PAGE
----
“The younger son got together all he had, set off for a distant country and there squandered his wealth in wild living. . .” Luke 15:11-24
When I first studied this passage back in Bible College, it was easy for me to identify the younger son as those people who have taken their God-given gifts and talents and squandered them for their own selfish reasons. I saw them as the heathens among us who didn’t know that God is waiting to welcome them home.
After some reflection (and a few years of maturity), I began to see myself as the prodigal son – wasteful with my own God-given gifts, lavish in my pride, and extravagant in the ways I used my words, even to the point of hurting others. Yes, in many ways I was like the prodigal son.
Seeing myself (and others) as a type of prodigal son is easy. We’re all selfish sinners bent on having our own way at the expense of those who love us. What bothers me (and may bother you) is to consider this: Jesus is the true Prodigal Son.
The word prodigal means to be wastefully or recklessly extravagant or lavish. Jesus recklessly and lavishly invested everything He had so that we could know His eternal love. As I contemplate this, I’m also challenged by how Jesus gave all of Himself while knowing there would not be a 100% return on His investment. Yes, in the omnipotence of God, He knew how many of us would accept His Divine sacrifice. But as a human, Jesus was spending, if not wasting, His entire self on us. True, He loves His creation; but we sure seem to have a funny way of acknowledging His gift.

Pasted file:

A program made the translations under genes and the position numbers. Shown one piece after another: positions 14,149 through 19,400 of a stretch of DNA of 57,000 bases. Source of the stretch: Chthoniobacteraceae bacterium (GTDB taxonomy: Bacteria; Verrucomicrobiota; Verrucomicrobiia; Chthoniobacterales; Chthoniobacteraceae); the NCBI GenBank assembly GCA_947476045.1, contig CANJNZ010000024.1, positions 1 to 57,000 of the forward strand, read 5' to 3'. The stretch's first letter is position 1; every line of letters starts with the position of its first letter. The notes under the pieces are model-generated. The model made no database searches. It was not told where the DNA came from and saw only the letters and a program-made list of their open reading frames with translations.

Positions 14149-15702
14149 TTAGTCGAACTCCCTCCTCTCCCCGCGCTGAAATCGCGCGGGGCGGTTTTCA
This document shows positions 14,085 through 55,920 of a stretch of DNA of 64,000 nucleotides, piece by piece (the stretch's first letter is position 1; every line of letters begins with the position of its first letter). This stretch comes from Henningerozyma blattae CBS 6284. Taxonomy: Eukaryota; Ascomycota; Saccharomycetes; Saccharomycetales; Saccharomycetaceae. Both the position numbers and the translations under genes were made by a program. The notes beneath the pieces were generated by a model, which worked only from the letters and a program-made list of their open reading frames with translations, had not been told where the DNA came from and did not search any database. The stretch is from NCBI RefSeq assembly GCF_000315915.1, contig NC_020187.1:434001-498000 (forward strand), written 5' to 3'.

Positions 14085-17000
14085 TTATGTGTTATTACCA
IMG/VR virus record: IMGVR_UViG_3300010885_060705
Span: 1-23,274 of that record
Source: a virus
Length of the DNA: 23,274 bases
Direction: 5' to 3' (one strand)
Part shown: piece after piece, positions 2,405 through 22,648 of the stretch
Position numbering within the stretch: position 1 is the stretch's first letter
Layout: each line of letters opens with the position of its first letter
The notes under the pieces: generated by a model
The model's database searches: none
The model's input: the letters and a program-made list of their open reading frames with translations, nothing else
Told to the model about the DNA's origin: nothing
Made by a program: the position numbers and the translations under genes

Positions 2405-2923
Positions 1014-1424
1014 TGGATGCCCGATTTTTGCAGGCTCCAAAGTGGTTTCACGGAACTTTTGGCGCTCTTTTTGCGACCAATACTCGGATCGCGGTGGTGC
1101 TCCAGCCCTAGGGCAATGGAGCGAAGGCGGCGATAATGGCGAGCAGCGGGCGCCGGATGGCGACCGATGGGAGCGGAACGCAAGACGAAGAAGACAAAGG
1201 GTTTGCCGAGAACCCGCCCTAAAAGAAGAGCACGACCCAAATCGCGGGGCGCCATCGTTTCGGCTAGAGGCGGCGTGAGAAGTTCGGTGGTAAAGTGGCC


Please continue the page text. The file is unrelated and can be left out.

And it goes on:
Jesus the Prodigal. Give this concept some time to sink in. One day Jesus took His inheritance and His title, left the home of His Father and traveled to a distant, foreign country. He spent all He had to become a human and emptied Himself of all the previous privileges He held in His Father’s house. In the strangest investment scheme in history, Jesus prodigiously squandered His inheritance by hanging around with sinners and harlots, drunkards and lepers, tax collectors and sundry riff-raff. After spending all He had, Jesus sensed God’s abandonment (Matthew 27:46), only to return to the Father hungry and thirsty (John 19:28), fresh out of prison (1 Peter 3:19), dressed in borrowed clothes fit only for a dead man. Continue Reading